In the 1990s, the representation of women in public decision-making, and more specifically in legislatures, was put firmly on international and national agendas. For the first time in history, there was widespread agreement that the under-representation of women in legislatures was itself a sign of democratic deficit. It became emblematic of women's unequal citizenship, a rallying point for women's non-government organizations (NGOs), and a priority issue for the 1995 Beijing Platform for Action, adopted by 189 countries. One approach to increasing the parliamentary presence of women, the adoption of electoral quotas, became an international movement that spread swiftly around the globe. A range of multilateral bodies, including the United Nations (UN), the European Union (EU), the Inter-Parliamentary Union (IPU), United ...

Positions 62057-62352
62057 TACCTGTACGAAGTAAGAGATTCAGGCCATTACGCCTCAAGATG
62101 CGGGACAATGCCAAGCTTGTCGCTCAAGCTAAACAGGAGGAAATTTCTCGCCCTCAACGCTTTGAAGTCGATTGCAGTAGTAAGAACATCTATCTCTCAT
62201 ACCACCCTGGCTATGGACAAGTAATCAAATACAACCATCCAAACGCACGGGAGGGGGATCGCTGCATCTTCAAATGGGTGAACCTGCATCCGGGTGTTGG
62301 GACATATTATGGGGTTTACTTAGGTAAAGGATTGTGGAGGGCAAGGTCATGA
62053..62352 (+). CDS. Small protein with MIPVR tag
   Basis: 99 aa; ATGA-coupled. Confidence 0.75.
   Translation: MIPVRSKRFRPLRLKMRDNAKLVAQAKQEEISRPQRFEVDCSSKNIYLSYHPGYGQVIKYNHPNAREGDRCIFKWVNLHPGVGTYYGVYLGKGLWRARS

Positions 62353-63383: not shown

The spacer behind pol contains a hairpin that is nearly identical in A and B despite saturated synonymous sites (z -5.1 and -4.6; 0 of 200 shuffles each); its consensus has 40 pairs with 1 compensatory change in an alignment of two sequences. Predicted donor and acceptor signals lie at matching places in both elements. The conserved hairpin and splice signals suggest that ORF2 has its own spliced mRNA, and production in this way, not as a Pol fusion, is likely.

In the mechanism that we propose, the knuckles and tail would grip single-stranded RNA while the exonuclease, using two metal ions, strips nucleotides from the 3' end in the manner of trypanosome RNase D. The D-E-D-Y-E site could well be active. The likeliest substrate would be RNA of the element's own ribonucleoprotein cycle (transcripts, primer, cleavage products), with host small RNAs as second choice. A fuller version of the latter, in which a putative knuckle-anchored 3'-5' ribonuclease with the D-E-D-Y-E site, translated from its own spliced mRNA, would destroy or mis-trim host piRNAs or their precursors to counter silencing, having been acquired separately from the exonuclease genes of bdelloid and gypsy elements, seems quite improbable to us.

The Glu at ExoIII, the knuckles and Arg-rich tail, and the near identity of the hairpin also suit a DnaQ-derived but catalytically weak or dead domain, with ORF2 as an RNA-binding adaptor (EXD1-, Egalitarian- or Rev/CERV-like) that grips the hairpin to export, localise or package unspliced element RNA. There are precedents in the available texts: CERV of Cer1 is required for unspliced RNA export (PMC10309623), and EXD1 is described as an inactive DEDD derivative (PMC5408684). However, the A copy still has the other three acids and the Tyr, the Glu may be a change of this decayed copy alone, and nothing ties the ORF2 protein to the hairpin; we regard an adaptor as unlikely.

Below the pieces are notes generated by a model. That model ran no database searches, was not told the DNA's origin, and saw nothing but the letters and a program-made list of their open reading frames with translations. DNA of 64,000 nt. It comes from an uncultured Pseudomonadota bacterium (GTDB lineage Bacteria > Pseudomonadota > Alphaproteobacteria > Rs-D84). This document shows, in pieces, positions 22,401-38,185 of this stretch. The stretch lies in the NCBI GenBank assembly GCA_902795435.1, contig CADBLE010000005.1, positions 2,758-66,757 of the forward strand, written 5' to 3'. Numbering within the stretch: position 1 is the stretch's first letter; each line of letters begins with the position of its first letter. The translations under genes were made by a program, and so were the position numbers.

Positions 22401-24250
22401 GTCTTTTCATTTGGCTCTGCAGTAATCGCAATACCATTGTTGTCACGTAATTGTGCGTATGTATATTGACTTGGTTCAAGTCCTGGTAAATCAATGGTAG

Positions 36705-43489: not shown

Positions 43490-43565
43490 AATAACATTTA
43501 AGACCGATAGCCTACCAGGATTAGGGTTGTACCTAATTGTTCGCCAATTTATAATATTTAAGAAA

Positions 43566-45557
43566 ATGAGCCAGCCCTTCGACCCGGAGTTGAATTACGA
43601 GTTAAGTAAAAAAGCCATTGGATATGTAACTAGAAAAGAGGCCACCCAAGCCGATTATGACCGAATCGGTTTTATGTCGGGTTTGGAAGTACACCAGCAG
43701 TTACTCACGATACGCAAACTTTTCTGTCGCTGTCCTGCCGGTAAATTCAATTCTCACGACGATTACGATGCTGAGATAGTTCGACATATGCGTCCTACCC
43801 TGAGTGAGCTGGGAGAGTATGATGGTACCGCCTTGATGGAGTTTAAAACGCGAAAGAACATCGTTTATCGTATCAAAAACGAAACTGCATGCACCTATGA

Women and Elections
Women and elections